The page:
A slight delay in a satellite launch lit up the Florida sky early this morning More

Fleeing IS Killings in Syria, Family Reaches Bavaria

Exhausted, scared and under-nourished, Khalil and Maha's tale mirrors those of thousands of refugees from war-torn countries who have left their homes in the hopes of finding a better life More

This forum has been closed.
Comment Sorting
Comments
     
by: Anonymous from: Jordan
November 15, 2012 3:14 PM
where is the coward "king"...? put to rule over us by UK...???

Featured Videos

Your JavaScript is turned off or you have an old version of Adobe's Flash Player. Get the latest Flash player.
Nobel Prize Winner Malala Talks to VOAi
X
August 31, 2015 2:17 AM
Nobel Peace Prize winner Malala Yousafzai met with VOA's Deewa service in Washington Sunday to talk about women’s rights and unveil a trailer for her new documentary. VOA's Katherine Gypson has more.
Video

Video Nobel Prize Winner Malala Talks to VOA

Nobel Peace Prize winner Malala Yousafzai met with VOA's Deewa service in Washington Sunday to talk about women’s rights and unveil a trailer for her new documentary. VOA's Katherine Gypson has more.
Video

Video War, Drought Threaten Iraq's Marshlands

Iraq's southern wetlands are in crisis. These areas are the spawning ground for Gulf fisheries, a resting place for migrating wildfowl, and source of livelihood for fishermen and herders. Faith Lapidus has more.
Video

Video Colombians Flee Venezuela as Border Crisis Escalates

Hundreds of Colombians have fled Venezuela since last week, amid an escalating border crisis between the two countries. Last week, Venezuelan President Nicolas Maduro ordered the closure of a key border crossing after smugglers injured three Venezuelan soldiers and a civilian. The president also ordered the deportation of Colombians who are in Venezuela illegally. Zlatica Hoke reports.
Video

Video Rebuilding New Orleans' Music Scene

Ten years after Hurricane Katrina inundated New Orleans, threatening to wash away its vibrant musical heritage along with its neighborhoods, the beat goes on. As Bronwyn Benito and Faith Lapidus report, a Musicians' Village is preserving the city's unique sound.
Video

Video In Russia, Auto Industry in Tailspin

Industry insiders say country relies too heavily on imports as inflation cuts too many consumers out of the market. Daniel Schearf has more from Moscow.
Video

Video Scientist Calls Use of Fetal Tissue in Medical Research Essential

An anti-abortion group responsible for secret recordings of workers at a women's health care organization claims the workers shown are offering baby parts for sale, a charge the organization strongly denies. While the selling of fetal tissue is against the law in the United States, abortion and the use of donated fetal tissue for medical research are both legal. VOA’s Julie Taboh reports.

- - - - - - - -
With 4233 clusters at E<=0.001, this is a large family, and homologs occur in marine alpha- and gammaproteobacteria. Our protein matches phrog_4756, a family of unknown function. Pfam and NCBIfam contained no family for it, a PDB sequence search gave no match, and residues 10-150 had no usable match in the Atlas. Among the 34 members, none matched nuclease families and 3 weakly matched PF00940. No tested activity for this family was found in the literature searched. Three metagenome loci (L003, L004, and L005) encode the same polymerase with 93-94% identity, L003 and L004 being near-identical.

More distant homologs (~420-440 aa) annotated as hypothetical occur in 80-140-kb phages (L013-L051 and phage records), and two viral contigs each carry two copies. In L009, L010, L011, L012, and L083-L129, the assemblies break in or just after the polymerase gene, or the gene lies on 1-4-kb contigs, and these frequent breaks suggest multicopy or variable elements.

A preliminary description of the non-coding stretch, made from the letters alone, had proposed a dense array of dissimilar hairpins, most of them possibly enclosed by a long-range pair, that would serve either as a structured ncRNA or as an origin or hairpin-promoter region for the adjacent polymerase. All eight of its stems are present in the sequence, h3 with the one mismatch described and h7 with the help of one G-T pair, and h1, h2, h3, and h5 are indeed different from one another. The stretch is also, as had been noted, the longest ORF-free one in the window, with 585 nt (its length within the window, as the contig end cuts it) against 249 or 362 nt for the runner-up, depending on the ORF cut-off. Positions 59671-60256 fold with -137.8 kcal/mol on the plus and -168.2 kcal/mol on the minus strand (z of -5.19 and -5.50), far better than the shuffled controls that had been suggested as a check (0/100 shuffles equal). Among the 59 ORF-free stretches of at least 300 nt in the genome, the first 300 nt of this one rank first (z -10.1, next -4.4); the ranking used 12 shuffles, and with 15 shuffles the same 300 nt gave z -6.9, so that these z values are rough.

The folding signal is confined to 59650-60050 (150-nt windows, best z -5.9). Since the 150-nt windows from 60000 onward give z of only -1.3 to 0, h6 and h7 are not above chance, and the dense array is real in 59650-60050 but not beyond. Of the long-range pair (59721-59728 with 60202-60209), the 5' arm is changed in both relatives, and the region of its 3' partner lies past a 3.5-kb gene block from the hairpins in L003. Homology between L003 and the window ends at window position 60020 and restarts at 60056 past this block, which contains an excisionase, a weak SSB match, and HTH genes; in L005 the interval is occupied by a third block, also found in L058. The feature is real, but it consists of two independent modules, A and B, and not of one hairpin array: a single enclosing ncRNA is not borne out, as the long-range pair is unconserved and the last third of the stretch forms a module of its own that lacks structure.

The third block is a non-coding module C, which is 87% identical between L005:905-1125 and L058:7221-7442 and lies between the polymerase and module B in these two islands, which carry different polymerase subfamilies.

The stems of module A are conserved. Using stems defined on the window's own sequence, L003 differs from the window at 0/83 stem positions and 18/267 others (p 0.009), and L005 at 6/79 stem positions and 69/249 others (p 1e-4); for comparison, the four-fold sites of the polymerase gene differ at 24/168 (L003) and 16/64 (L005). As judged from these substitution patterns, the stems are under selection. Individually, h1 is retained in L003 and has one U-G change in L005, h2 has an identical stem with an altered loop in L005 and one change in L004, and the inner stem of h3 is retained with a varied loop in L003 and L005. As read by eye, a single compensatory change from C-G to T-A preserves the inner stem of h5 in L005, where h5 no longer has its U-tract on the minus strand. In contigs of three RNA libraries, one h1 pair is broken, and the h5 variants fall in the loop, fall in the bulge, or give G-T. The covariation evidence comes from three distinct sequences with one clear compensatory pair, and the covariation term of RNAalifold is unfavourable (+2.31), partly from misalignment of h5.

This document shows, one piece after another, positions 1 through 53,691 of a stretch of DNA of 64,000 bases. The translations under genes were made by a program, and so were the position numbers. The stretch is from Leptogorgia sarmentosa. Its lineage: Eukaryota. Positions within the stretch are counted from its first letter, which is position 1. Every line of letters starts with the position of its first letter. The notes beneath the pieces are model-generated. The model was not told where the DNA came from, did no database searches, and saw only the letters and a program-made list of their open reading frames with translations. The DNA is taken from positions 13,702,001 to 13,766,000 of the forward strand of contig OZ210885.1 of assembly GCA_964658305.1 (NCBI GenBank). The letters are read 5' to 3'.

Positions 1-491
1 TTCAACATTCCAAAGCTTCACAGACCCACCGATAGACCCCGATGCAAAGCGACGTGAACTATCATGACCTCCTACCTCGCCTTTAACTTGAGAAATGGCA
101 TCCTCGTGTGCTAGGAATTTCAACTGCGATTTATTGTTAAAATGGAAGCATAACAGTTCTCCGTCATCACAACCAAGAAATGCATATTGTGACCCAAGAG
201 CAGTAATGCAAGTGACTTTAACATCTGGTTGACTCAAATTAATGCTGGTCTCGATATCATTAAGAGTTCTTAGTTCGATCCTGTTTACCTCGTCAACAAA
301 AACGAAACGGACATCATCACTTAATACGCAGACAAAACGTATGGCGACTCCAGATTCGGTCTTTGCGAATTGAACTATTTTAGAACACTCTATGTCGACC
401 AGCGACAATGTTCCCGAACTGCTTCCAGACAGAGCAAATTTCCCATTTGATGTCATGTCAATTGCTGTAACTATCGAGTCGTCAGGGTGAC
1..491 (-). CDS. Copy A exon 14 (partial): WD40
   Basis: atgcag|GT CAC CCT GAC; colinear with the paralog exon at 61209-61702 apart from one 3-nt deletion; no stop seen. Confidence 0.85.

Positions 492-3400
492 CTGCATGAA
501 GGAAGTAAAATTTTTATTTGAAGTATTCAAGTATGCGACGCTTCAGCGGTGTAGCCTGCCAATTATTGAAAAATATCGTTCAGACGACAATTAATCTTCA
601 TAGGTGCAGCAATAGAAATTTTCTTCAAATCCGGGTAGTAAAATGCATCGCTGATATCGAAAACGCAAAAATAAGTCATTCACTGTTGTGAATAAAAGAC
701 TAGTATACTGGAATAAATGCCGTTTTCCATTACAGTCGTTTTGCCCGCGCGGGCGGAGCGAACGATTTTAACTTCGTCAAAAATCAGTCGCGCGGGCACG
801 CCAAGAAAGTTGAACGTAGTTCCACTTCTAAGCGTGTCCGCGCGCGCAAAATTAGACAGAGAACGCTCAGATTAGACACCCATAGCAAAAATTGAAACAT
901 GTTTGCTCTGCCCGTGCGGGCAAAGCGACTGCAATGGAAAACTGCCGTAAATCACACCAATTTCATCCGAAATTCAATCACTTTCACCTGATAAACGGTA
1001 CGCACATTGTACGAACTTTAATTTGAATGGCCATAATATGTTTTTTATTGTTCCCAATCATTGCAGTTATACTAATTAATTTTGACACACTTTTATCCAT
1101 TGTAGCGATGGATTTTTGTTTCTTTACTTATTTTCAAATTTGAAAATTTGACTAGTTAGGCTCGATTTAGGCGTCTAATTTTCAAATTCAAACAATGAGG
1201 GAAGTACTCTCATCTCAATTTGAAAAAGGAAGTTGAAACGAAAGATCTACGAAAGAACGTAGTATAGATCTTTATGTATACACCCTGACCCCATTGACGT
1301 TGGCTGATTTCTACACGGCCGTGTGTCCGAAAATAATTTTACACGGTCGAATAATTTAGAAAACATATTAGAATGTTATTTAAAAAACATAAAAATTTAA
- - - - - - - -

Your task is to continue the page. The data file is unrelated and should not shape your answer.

Video

Video Next to Iran, Climate at Forefront of Obama Agenda

President Barack Obama this week announced new initiatives aimed at making it easier for Americans to access renewable energy sources such as solar and wind. Obama is not slowing down when it comes to pushing through climate change measures, an issue he says is the greatest threat to the country’s national security. VOA correspondent Aru Pande has more from the White House.
Video

Video Arctic Draws International Competition for Oil

A new geopolitical “Great Game” is underway in earth’s northernmost region, the Arctic, where Russia has claimed a large area for resource development and President Barack Obama recently approved Shell Oil Company’s test-drilling project in an area under U.S. control. Greg Flakus reports.
Video

Video Philippine Maritime Police: Chinese Fishermen a Threat to Country’s Security

China and the Philippines both claim maritime rights in the South China Sea.  That includes the right to fish in those waters. Jason Strother reports on how the Philippines is catching Chinese nationals it says are illegal poachers. He has the story from Palawan province.
Video

Video China's Spratly Island Building Said to Light Up the Night 'Like A City'

Southeast Asian countries claim China has illegally seized territory in the Spratly islands. It is especially a concern for a Philippine mayor who says Beijing is occupying parts of his municipality. Jason Strother reports from the capital of Palawan province, Puerto Princesa.
Video

Video Ages-old Ice Reveals Secrets of Climate Change

Ice caps don't just exist at the world's poles. There are also tropical ice caps, and the largest sits atop the Peruvian Andes - but it is melting, quickly, and may be gone within the next 20 years. George Putic reports scientists are now rushing to take samples to get at the valuable information about climate change locked in the ice.

VOA Blogs